Suggested Reading List

Mathematics in General:

The Language of Mathematics: Making the Invisible Visible by Keith Devlin

The Mathematical Universe by William Dunham

Mathematically Speaking: a Dictionary of Quotations by C. C. Gaither


Mobius and his Band by John Fauvel

General Reading:

Why People Believe Weird Things by Michael Shermer
(one of the best books I've read on the difference between science and pseudo-science. Wonderful!)

The Story of e by Eli Maor
Clear and beautiful. Primarily for the layman, but it also contains material for the mathematically sophisticated reader.

Schrödinger's Cat by John Gribbins
A layman's explanation of the strangeness of quantum mechanics. Sometimes he gets carried away, but it's a good introduction to the philosophical side of the science.

The Character of Physical Law by Richard Feynman
Quirky Feynman, but written for the layman. Interesting insights into general physics.

The Tao of Physics
A mystical view of particle physics. Although there are a few errors and hyperbole, it is much better than its competitor, The Dancing Woo Li Masters (which is full of mistakes and misunderstandings of basic physics)

New Ideas in Modern Physics
Well written compendium of all branches of physics for the science-educated layman .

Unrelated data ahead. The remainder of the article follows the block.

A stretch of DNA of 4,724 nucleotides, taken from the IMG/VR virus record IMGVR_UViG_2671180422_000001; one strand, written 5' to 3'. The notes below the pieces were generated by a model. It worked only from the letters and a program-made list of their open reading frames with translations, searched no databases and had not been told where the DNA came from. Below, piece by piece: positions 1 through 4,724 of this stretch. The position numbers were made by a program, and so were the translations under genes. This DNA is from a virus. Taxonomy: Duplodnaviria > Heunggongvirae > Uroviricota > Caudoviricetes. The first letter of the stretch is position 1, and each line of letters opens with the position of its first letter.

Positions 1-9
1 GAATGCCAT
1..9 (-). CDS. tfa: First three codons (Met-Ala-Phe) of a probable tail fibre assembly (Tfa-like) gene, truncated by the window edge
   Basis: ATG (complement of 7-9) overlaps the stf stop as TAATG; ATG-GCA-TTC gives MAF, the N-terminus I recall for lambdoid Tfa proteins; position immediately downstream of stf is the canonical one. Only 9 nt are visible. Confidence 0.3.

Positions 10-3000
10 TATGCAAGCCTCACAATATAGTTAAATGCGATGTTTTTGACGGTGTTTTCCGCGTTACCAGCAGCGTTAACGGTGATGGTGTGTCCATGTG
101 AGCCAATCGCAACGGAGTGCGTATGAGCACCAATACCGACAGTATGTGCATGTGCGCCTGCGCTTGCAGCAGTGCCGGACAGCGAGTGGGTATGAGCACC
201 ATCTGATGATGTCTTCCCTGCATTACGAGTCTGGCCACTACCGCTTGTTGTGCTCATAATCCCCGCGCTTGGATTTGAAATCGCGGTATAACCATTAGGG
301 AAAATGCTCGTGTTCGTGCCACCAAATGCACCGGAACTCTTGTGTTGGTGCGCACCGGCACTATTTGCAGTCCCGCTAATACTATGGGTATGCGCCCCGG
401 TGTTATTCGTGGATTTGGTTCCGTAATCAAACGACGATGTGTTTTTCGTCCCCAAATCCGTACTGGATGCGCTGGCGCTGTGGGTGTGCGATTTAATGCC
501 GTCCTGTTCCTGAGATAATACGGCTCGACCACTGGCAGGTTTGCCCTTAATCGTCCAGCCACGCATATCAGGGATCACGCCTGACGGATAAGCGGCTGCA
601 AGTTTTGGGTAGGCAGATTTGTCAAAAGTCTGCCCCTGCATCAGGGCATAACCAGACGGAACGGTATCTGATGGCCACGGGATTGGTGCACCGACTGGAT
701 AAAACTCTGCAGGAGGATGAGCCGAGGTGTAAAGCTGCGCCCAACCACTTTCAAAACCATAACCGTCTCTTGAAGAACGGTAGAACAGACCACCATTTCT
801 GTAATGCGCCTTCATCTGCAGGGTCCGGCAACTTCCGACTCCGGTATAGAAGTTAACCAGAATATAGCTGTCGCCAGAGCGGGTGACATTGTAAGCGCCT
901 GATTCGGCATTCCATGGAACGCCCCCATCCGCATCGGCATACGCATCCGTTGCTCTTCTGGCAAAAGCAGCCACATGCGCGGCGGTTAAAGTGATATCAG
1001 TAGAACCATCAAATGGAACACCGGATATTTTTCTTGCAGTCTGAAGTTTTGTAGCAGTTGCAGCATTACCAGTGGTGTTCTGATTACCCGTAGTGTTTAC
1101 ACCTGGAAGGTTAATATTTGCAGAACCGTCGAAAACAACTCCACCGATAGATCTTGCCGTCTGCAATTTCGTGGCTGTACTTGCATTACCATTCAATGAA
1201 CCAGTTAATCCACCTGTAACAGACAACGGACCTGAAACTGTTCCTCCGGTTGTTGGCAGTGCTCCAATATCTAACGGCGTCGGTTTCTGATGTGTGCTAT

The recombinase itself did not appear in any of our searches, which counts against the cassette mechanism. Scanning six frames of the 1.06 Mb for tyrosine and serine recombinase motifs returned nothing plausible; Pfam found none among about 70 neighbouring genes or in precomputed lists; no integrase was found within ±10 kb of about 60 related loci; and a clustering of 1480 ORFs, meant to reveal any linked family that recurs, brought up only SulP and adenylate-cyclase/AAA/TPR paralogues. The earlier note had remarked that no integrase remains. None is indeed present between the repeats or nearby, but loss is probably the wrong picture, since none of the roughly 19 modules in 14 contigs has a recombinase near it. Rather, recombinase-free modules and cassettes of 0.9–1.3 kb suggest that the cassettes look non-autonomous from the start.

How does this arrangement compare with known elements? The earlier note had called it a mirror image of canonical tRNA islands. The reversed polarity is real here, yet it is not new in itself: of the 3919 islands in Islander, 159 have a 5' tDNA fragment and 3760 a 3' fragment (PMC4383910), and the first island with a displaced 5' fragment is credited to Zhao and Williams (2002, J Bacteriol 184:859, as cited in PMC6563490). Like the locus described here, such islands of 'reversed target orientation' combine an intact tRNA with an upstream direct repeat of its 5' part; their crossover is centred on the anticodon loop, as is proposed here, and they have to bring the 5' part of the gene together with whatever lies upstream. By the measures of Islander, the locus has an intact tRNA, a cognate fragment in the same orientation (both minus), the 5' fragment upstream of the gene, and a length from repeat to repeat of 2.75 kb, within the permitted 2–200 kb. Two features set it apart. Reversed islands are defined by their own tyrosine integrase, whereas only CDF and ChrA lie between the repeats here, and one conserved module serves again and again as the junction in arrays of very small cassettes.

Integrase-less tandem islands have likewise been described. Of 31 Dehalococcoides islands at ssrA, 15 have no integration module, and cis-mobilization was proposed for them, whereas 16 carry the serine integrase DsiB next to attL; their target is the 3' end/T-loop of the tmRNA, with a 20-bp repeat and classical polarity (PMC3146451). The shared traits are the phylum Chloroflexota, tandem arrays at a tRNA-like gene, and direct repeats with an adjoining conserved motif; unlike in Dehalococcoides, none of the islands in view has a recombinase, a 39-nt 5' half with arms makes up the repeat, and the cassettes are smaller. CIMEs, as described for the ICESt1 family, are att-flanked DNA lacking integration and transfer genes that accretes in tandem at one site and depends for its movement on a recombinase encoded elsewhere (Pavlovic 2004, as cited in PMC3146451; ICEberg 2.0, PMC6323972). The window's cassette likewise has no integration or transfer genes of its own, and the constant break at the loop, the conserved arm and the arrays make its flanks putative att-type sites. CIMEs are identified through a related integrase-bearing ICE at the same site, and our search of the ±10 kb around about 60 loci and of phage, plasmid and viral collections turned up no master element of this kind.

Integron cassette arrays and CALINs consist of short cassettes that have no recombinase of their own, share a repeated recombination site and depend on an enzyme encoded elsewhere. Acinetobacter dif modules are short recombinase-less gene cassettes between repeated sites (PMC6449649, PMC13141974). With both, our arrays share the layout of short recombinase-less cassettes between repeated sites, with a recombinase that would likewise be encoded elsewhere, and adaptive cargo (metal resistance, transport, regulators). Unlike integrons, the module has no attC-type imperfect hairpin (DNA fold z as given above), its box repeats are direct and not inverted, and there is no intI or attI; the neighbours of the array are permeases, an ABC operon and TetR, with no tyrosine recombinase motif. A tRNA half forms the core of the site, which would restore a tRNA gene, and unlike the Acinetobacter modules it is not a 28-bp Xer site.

The Making of the Atomic Bomb by Richard Rhodes
This is the history as well as the science (a little above layman-level) of the Manhattan Project and the race in Germany and elsewhere to develop the atomic bomb. It deservedly won the Pulitzer prize. I couldn't put it down.

Flatland by Edwin A. Abbot
I read this classic when I was in high school and it forever changed the way I look at the universe. It is written in an old style that at first might seem cumbersome, but if you stick with it you will see its artistry.

The Fourth Dimension by Rudy Rucker
This book is whimsical. It gives you various exercises to try to get you to "visualize" a fourth dimension. If you plan to read this, read Flatland first.

Subtle is the Lord by Abraham Pais
This biography of Einstein is not only about the man but also about his science. It is rigorous and not for the faint-hearted, although it can be read without delving into the scientific details. This book is considered to be the best ever written on Einstein.